Earlier this month I was able to fulfill a dream of mine because I went to see Claude Monet's garden in Normandy, France, in Spring. I've been there twice before, both times in Autumn. Monet's garden looked great then too, it looks great most of the year no surprises there, but I did so want to see it in Spring and now I have. Colour me a happy gardener, a very happy gardener. :-D Without much further ado here are some of my impressions of this world famous impressionist's garden to feast your eyes on!
Monet's paintings were all about colour and so is his garden. It's a riot of colour for most of the year and 10 gardeners are working their socks off to keep it that way. A lot of the planting is not permanent but consists of bedding plants. In May that's wallflowers, pansies, aubretia, tulips, irises, forget-me-nots etc.
Monet's flower garden is mainly made of flowerbeds, zillions of flowerbeds flanking miles of paths or so it certainly feels and although there are a lot of bedding plants, you can find some more permanent planting there too such as roses, peonies, fruit trees, trees etc.
Because Monet is such a world famous painter who was very much inspired by his own garden in Giverny, many people want to see Monet's garden to the tune of half a million visitors per year. Sissinghurst in Kent, England, is also a very famous garden and that feels crowded with 200.000 visitors a year even though it is at least three times the size of Monet's garden.
Everywhere you look your eyes are hit by this very particular shade of green that is called Monet Green. Personally I don't like it all that much as it is a very harsh colour and too much in your face. It is literally everywhere; on chains blocking paths, posts, gates, the house, the arches and metal pergola's, steps, benches etc. The paint has to be manufactured exclusively but I wish they wouldn't bother and simply buy an off the shelf turquoise green paint that's much easier on the eye. I simply love the soft pink they used on the house as it goes so well with the garden and the surrounding countryside but that green, oh that horrid acid green. But enough of that green, let's sooth our eyes with those gorgeous colours the plants provide.
Strangely enough there weren't all that many irises to be found in Monet's garden. Pretty weird as most of France is covered with irises in front gardens, alongside the road, against walls etc. in May as you can see here.
It's not for nothing that another famous painter used them in his paintings.
Dear Vincent was behaving like an ordinary tourist by painting Irises in May and Sunflowers in September, just like you and me taking pics of those flowers. Very cliche! ;-)
Monet's garden is split in two by a road and you can reach the other part by going through a tunnel under that road. By entering the tunnel you make a transition from one world into the next as you leave behind a sunny, hot, vibrantly colourful world ...................
and when you come up you'll find yourself in a garden that is cool, shady, calm and mostly green. Simply wonderful!
The famous waterlily pond where the waterlilies were not in flower yet as it was only early May. The use of colour in the water garden is very restricted; it is mostly provided by the famous waterlilies,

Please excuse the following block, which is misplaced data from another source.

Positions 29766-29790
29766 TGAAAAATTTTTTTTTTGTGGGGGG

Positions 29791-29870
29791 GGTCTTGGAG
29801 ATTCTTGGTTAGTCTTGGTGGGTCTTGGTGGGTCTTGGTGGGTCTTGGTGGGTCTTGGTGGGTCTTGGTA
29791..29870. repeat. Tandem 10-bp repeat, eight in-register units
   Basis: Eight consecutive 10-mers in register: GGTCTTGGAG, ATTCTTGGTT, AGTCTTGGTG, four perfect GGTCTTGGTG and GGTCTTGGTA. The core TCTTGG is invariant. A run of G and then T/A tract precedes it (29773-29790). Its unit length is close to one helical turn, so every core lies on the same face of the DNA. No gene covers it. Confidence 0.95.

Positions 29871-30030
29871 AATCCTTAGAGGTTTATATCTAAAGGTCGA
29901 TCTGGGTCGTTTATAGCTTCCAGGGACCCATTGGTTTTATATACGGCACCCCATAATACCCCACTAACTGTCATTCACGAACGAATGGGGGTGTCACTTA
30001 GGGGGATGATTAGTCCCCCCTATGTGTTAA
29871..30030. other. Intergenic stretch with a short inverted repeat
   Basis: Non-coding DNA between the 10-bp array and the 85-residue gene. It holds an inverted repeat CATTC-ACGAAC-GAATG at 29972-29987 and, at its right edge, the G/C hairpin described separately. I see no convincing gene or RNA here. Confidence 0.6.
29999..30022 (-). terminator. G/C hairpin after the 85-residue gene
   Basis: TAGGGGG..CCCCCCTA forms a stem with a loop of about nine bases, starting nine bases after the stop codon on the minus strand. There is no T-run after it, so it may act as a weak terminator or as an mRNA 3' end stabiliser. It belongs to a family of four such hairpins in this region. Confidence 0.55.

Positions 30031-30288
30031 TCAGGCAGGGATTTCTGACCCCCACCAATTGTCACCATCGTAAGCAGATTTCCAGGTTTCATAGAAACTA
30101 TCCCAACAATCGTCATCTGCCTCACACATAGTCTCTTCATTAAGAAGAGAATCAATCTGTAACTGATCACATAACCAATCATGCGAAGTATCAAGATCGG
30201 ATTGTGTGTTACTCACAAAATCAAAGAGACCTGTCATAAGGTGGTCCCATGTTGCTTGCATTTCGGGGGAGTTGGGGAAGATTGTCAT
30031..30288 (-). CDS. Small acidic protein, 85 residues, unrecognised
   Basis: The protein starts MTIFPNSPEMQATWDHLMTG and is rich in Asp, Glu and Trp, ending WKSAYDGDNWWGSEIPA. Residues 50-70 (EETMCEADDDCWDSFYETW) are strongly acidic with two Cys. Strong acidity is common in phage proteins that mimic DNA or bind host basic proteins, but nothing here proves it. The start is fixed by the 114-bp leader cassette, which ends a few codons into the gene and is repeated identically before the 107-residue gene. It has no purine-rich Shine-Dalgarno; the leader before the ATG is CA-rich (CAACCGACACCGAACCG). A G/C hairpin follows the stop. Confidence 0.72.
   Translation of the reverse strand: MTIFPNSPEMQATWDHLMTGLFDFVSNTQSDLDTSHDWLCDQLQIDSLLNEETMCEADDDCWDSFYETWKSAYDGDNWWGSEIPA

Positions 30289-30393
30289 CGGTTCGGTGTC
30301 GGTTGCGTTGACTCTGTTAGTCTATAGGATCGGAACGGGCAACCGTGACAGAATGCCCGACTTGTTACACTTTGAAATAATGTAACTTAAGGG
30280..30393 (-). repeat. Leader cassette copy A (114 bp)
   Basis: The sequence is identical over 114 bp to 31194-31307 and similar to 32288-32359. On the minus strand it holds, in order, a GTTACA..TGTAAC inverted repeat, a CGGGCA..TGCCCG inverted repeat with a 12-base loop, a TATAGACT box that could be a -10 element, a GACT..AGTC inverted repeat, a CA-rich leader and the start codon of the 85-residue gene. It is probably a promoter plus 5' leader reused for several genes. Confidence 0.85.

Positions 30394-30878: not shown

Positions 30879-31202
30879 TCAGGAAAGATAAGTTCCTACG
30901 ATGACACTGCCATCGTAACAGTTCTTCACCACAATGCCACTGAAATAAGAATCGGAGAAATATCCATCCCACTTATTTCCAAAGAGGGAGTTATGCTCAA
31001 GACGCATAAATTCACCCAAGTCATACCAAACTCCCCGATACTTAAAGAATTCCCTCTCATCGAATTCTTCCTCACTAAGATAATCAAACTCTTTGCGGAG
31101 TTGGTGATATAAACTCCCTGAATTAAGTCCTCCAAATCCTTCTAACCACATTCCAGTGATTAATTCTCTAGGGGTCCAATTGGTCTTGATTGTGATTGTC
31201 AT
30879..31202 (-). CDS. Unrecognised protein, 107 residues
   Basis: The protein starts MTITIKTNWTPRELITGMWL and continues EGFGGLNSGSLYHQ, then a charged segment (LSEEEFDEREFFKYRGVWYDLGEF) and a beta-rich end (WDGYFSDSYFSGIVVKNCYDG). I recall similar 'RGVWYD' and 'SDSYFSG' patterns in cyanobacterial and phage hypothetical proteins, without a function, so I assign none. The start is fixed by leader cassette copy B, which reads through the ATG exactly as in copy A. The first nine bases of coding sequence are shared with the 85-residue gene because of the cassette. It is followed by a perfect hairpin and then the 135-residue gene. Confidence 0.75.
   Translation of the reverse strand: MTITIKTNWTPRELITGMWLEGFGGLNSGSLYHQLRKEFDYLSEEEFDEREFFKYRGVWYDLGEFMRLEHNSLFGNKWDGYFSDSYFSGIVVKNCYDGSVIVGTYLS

the equally famous Japanese bridge smothered with blue Wistaria and some discreet planting along the edge of the pond.
Or that is how it used to be when I visited Monet's garden 10 years ago. So imagine my shock and horror when I encountered this in the water garden. It looked horribly Disney to me. What happened to understated and tranquil? Where did the juxtaposition between the flower garden and the water garden go?
Apparently they had to use this new planting around the pond to keep that humongous herd of half a million visitors per year from trampling the edges of the pond. Sure, but why choose these garish colours? Why go from this
cool, calm, restful
Keep in mind that when you use colour along the water's edge you double the impact as the plants are also reflected in the water. IMO there is no need to use such harsh colours in what used to be such an understated and tranquil garden.
We're back into the flower garden to have a look at Monet's house as that is open to visitors as well. If you ever have the chance to visit Monet's garden don't forget to visit his house as well as it is really worth your while. The use of colour inside the house is just as imaginative as the outside one. You get to see many rooms both upstairs and downstairs. The dining room is particularly colourful in mostly yellow with a touch of black and white, and one of Monet's studios is very impressive with a lot of reproductions of his work hanging there. Just imagine what it must have been like when the real McCoy hang from those walls!
The kitchen with cheerful copper pans
A view from a window
View of the garden from an upstairs window
It was hard work to snap pictures from Monet's garden without zillions of people in them. There were quite a few people about when I was visiting the garden but it wasn't that badly crowded because I knew what would be the best time to see the garden. When I went to the garden there were only 2 or 3 people in front of me in the queue but when I left there were loooooooooooooong rows of people standing in the hot sun waiting for admission.
I hope you enjoyed your visit to Monet's Garden and we'll say goodbye with a pic of one of my favourite flowerbeds.
copyright 2008 Y.E.W. Heuzen
It is not enough that romance lies behind the birth and growth of the landscape and the mantle of plants that clothe it. The happy traveler must seek to convey some of that romance to others who have not had the good fortune to enjoy it and what better means can there be than by making a garden. Frank Kingdom-Ward